“Do you think they’ll let me work more shifts next week?”
“Ah, I see,” the older man said with a smirk.
“Does she have a name?”
Minjae sighed and glanced at his watch.
“Don’t let this whole business bother you,” the older waiter said, leaning back. “You’re young. You need to enjoy life a little. You know, the old man would tell me stories of the times—right after the war, way before you or I were born, when everyone you knew had nothing. The whole country was nothing. Look where we are now.” The waiter hiccupped and put both hands on the table, letting out a shallow laugh. “What I’m trying to say is don’t saddle yourself with the misfortunes of the world. If you’re lucky, you’ll find yourself someone to love—or at least something to love. Don’t let it go, you hear?”
“I understand, I think,” said Minjae. He stood up. “I’m sorry. I should be getting home. My folks are probably worried.”
“I’ll close tonight, then”
“Turn the light off on the way out, will you? I’ll be right behind you.”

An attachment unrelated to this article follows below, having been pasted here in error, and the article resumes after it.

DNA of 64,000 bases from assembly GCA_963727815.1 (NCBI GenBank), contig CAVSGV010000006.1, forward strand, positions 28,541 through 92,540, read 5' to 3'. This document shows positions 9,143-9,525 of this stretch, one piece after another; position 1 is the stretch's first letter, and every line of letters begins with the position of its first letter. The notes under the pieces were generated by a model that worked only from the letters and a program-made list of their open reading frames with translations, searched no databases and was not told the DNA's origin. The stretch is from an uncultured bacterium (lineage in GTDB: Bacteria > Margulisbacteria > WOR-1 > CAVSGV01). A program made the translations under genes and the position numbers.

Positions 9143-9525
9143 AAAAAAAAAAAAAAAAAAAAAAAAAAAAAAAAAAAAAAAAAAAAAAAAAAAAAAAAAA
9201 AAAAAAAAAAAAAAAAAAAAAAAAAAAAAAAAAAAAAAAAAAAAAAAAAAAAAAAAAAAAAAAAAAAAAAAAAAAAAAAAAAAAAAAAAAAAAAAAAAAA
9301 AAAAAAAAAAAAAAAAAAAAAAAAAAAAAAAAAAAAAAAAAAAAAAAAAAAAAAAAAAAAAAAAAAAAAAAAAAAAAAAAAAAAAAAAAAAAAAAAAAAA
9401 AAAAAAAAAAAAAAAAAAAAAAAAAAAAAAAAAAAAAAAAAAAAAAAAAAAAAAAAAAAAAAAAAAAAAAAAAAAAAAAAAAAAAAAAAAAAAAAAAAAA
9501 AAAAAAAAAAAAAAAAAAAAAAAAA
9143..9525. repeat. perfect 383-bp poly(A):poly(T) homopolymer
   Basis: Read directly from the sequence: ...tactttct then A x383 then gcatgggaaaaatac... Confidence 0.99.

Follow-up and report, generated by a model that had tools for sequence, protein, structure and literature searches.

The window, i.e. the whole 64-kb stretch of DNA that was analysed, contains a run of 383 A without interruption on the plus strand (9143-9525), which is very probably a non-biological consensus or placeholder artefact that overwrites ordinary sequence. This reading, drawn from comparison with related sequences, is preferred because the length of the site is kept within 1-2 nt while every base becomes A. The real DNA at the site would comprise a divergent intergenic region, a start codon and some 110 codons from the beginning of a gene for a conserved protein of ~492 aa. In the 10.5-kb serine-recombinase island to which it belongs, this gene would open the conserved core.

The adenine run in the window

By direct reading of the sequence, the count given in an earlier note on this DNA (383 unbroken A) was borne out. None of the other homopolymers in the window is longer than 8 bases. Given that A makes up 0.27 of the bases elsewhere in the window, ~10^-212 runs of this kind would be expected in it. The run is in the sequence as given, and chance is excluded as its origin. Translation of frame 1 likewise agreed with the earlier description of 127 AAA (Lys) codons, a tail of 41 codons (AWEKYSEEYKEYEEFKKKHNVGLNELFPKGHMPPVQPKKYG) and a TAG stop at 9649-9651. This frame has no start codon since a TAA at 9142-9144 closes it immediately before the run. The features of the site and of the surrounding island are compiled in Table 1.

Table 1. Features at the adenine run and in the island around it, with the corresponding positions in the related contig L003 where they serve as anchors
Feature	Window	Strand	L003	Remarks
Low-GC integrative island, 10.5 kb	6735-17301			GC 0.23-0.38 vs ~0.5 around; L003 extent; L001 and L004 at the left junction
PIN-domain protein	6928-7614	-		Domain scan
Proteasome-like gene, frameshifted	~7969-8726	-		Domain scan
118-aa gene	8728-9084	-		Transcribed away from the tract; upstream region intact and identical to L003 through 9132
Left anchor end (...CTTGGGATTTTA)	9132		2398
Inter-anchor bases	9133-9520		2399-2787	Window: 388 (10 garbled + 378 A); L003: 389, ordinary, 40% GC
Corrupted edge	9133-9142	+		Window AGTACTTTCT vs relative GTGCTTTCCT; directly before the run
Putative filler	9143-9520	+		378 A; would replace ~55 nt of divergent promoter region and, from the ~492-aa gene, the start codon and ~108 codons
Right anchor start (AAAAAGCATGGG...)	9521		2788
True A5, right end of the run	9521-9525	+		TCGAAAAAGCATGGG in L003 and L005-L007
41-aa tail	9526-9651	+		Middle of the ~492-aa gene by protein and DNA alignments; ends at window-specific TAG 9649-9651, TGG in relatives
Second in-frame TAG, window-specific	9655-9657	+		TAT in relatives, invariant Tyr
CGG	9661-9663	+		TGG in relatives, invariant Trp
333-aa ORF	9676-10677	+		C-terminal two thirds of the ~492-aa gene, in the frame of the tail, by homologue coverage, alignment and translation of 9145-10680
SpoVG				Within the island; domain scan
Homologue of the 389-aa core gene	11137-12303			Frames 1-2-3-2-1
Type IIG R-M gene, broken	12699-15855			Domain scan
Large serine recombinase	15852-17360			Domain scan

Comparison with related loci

He did and looked back towards the interior. Moonlight was streaming in through the kitchen window, turning the naked metal of the table to ice.
“He’ll be alright,” said the waiter without looking up.
“Need help getting home?”
“See you tomorrow, then,” he said, bowing his head.
Minjae walked through the lobby on his way to the parking lot. He noticed the solitary drake, drifting listlessly among the indifferent koi fish. He wished he had brought something from the kitchen to feed it. ‘You’ve been abandoned too,’ he thought, another tired tradition slipping away into the obscurity of night. ‘Look where we are now,’ he thought.
On the car ride back, Minjae carried on the conversation in his head. The shower. The water’s hot and you’re young. Life’s enjoyable, maybe even great. Then gradually, almost unnoticeable, the water grows tepid. You blink and it’s cold, uncomfortably so. The laws of thermodynamics are working against you now. You’re 80, fastened to a body well past its twilight. A ragged coat on a hanger. The water’s unbearably cold and you consider stepping out of the shower.